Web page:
St. Paul Outside the Walls in Rome (photograph by Dnalor 01/Wikimedia)
The Basilica of St. Paul Outside the Walls in Rome has seen its share of destruction. Since 340, it’s been struck by lightning, damaged in an earthquake, accidentally burnt to the ground, and sacked by pirates. It seems nothing shy of the apocalypse will keep this church down. But according to local legend, the four horsemen might be riding in sooner rather than later. The collection of papal portraits here are linked to the end of the world.
Papal portraits (photograph by ho visto nina volare/Flickr)
Every pope is depicted in a large mosaic installed in a niche around the perimeter of the church. They’re all exactly the same size and neatly laid out in a single-file line under the windows. The only problem is, there’s a finite number of niches. A second row would certainly throw the aesthetic off so the legend says that when the niches run out, the world ends.
Even though the tradition of the portraits was started by Pope St. Leo the Great in the 5th century, the niches and the legend are newer than you might expect. At first, the portraits were frescos. They were only added sporadically, frequently falling behind the times, until 1823 when a fire ravaged the building. During the rebuilding of the basilica, Pope Pius IX ordered the portraits to be reinstated and brought up to date, this time using mosaics. If a pope’s likeness wasn’t well-documented, artist Filippo Agricola arbitrarily assigned him a face (so even the most devout Catholics won’t recognize a few). The project was completed in 1875, and since then the mosaics have been added pope-by-pope.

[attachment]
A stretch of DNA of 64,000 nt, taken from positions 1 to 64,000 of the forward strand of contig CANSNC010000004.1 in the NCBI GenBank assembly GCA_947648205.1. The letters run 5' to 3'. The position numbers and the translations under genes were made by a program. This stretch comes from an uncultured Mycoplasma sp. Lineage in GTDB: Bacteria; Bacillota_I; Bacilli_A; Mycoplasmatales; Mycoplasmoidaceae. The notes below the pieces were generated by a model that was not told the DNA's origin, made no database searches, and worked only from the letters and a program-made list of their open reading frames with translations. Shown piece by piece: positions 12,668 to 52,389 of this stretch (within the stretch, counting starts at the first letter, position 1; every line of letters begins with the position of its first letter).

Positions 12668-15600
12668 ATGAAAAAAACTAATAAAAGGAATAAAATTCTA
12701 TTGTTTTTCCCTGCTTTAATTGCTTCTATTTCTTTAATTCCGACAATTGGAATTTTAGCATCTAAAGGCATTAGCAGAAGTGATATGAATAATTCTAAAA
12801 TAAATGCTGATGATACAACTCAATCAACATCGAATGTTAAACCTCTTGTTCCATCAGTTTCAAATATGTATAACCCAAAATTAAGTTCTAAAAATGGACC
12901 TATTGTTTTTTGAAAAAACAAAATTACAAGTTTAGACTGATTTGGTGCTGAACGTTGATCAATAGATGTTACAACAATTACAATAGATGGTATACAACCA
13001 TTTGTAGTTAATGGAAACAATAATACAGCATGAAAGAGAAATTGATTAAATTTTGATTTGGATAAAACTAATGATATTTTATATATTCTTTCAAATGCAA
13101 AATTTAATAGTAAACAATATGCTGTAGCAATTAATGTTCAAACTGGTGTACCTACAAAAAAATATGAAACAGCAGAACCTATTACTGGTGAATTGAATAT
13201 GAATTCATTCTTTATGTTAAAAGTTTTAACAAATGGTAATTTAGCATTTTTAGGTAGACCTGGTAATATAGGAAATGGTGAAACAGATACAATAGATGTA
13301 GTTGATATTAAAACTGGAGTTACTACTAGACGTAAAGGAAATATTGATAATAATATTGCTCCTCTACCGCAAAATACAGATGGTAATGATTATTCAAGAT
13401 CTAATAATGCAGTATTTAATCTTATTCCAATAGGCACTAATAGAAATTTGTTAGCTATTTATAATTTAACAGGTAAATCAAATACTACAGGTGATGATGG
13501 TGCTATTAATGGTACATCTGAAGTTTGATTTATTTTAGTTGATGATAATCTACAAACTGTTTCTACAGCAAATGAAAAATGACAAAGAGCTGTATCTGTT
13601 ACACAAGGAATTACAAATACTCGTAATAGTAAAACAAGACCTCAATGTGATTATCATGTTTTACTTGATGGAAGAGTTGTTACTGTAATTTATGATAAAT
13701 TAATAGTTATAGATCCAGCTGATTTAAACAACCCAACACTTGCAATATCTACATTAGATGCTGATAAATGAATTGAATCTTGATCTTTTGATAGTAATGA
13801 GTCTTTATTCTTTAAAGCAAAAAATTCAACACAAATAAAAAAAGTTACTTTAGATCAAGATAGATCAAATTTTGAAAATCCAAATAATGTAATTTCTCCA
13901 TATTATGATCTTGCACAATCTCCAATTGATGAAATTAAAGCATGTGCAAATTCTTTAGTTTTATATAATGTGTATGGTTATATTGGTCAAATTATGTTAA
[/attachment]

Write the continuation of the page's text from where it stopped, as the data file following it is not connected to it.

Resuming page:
Mosaic portrait of Pope Francis (photograph by Antoine Taveneaux/Wikimedia)
There are six empty spaces next to the portrait of Pope Francis, but that doesn’t give us much of a timeline for the end times. Will there be six popes like Pope Pius IX who reigned for over 31 years? Or will the next six vacancies be filled like they were in the late 600s, when six popes reigned in less than four and a half years? Only time will tell, but another architectural element in Rome might give you a clue.
Pope Sylvester II cenotaph (photograph by Savidan/Wikimedia)
Since popes typically die in office, a sign indicating the death of a pope might help you gauge your concern about the end of the world. At the Lanteran, a cenotaph to Pope Sylvester II is said to sweat when the death of a pope is imminent. There were plenty of people keeping an eye on it near the end of Pope St. John Paul II’s life, but no word on how it will react with one current pope and one retired.
Death on a pale horse, from “The Book of Revelation ; a study of the last prophetic book of Holy Scripture” (1919) (via Internet Archive Book Images)
Elizabeth Harper writes about saint relics and other morbid history at All the Saints You Should Know. You can also find more on the remains of the holy departed at the All the Saints You Should Know Facebook page.